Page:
Monday, August 24, 2009

Just say it! Confirmation bias will make you hysterical.

At risk of implying that Asshole Skepticism is largely about getting a laugh - far from it, being factually accurate IS paramount - I continue on on the track of things I learned about being funny when I was officially in that business. At some point in the not too distant future I'll get more specific ablut how and when humour in skepticism is appropriate and/or a recommended strategy.

Early on I realised one important thing, never waste a moment asking yourself whether something you might say is witty or not. Just say it. You will find out immediately whether it's funny or not. If you wait, the moment will be lost and it WILL NOT be funny.

Once you get in enough practice doing this you'll find that you are start saying things even before you've thought them through... do not panic! Just let your instinct carry you through... just say it!

The simple fact that you 'thought' to say whatever you have said so damned quickly will often make it seem funnier. Yes, you will occassionally get laughs for things that upon further reflection aren't really that funny at all. That's just fine. People laughed. They register that as you being a funny person - that means they'll be far more likely to laugh with the things you say, 'cause they expect you to say clever things.

Inevitably, whether you are percieved as funny or not, you will sometimes get laughs, and sometimes you won't. This is where confirmation bias really springs to your defence. When you aren't funny - so long as you don't say something appallingly offensive instead - people will hardly notice. They may not even realise you were trying to be funny. But when you do manage to come out with a killer zinger, they remember that. Some people have a distinct "I'm telling a joke now" tone that enters their voice when they are trying to be funny. It's not that that tone makes the joke not funny, it just helps call attention to the myriad times when the joke isn't funny. I am very confident that this is why 'dry' people are often seen as so funny - because when they are funny you REALLY notice it.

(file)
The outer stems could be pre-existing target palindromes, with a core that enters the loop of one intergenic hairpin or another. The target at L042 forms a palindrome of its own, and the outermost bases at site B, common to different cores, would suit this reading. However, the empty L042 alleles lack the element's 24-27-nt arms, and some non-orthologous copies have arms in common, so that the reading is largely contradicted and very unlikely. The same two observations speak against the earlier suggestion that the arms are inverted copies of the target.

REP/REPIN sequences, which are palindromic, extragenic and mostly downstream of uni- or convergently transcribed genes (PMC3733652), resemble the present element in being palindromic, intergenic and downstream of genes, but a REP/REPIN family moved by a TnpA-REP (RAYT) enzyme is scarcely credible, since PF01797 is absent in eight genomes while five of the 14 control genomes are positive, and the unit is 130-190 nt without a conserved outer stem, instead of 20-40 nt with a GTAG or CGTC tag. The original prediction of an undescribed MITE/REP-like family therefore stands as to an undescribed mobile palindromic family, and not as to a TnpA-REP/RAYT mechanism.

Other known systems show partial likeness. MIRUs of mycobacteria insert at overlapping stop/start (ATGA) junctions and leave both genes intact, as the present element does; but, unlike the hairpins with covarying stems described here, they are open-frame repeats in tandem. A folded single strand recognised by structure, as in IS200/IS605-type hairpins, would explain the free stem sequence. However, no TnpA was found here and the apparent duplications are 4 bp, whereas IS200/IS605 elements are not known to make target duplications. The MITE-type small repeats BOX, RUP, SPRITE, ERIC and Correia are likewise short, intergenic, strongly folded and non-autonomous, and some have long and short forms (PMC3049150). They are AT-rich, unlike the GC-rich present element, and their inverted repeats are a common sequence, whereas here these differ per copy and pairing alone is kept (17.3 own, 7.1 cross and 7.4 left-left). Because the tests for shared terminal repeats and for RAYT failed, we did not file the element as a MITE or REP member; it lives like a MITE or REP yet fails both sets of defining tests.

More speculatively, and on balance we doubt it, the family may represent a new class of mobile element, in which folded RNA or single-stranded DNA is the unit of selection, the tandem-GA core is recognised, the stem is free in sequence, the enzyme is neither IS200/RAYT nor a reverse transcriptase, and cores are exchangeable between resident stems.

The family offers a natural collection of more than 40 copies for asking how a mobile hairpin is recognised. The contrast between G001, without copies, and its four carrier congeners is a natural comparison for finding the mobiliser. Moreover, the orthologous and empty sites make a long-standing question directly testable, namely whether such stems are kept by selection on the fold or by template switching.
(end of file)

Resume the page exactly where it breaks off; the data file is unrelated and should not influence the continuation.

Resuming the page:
I'm going to finish with a brief anecdote:

Months back at Skeptics in the Pub it was a relatively small night (I think actually it was at the time a 'big' crowd, but since then the average attendance has dwarfed that night.) one of the regulars and a very interesting one-timer got in a very spirited debate in the centre of the room. It was impossible to ignore their discussion, and as far as I was concerned, you didn't want to miss it. They were both 'on.' The discussion danced around the outer-edges fo my ability to follow along let alone participate and it seemed as though most people there were in the same situation. What we had was two philosophers challenging each other's position on specifics of atheist thought. It was fascinating. They were both eating it up - revelling in the organic heated debate with a worthy mind. If it had gone on all night it would have been too much, but as it was it was an SitP highlight I will probably never forget.
After quite sometime of back-and-forth with only limited input from other people the two of them got into an exchange that was made up of quotes. I've actually forgotten the specific quotes, and I'm not going to do the research to make up a plausible argument/counter-argument that would lead to the same place it did that night. After about two quotes from each debater, each countering the other's point, and the listening crowd hanging on the tension before I even realised I was doing it leapt in with one of my own: "'You can't reason with Jesus freaks, otherwise there'd be no Jesus freaks.' Dr. Gregory House, M.D."

It was really only tenuously connected, but it brought down the (ahem) house. it broke the tension and ultimately wrapped up the discussion at about the right time - they weren't going to come to a conclusion any time soon and they had definititely hit a climax. They gave each other a delighted and respectful shake of hands agreeing that it had been a lot of fun to 'go at it.'

That discussion has come up a few times in other discussions at SitP - always mentioned as a highlight. I've never heard anyone quote the debaters. They all quote Hugh Laurie via me.

No comments:

Post a Comment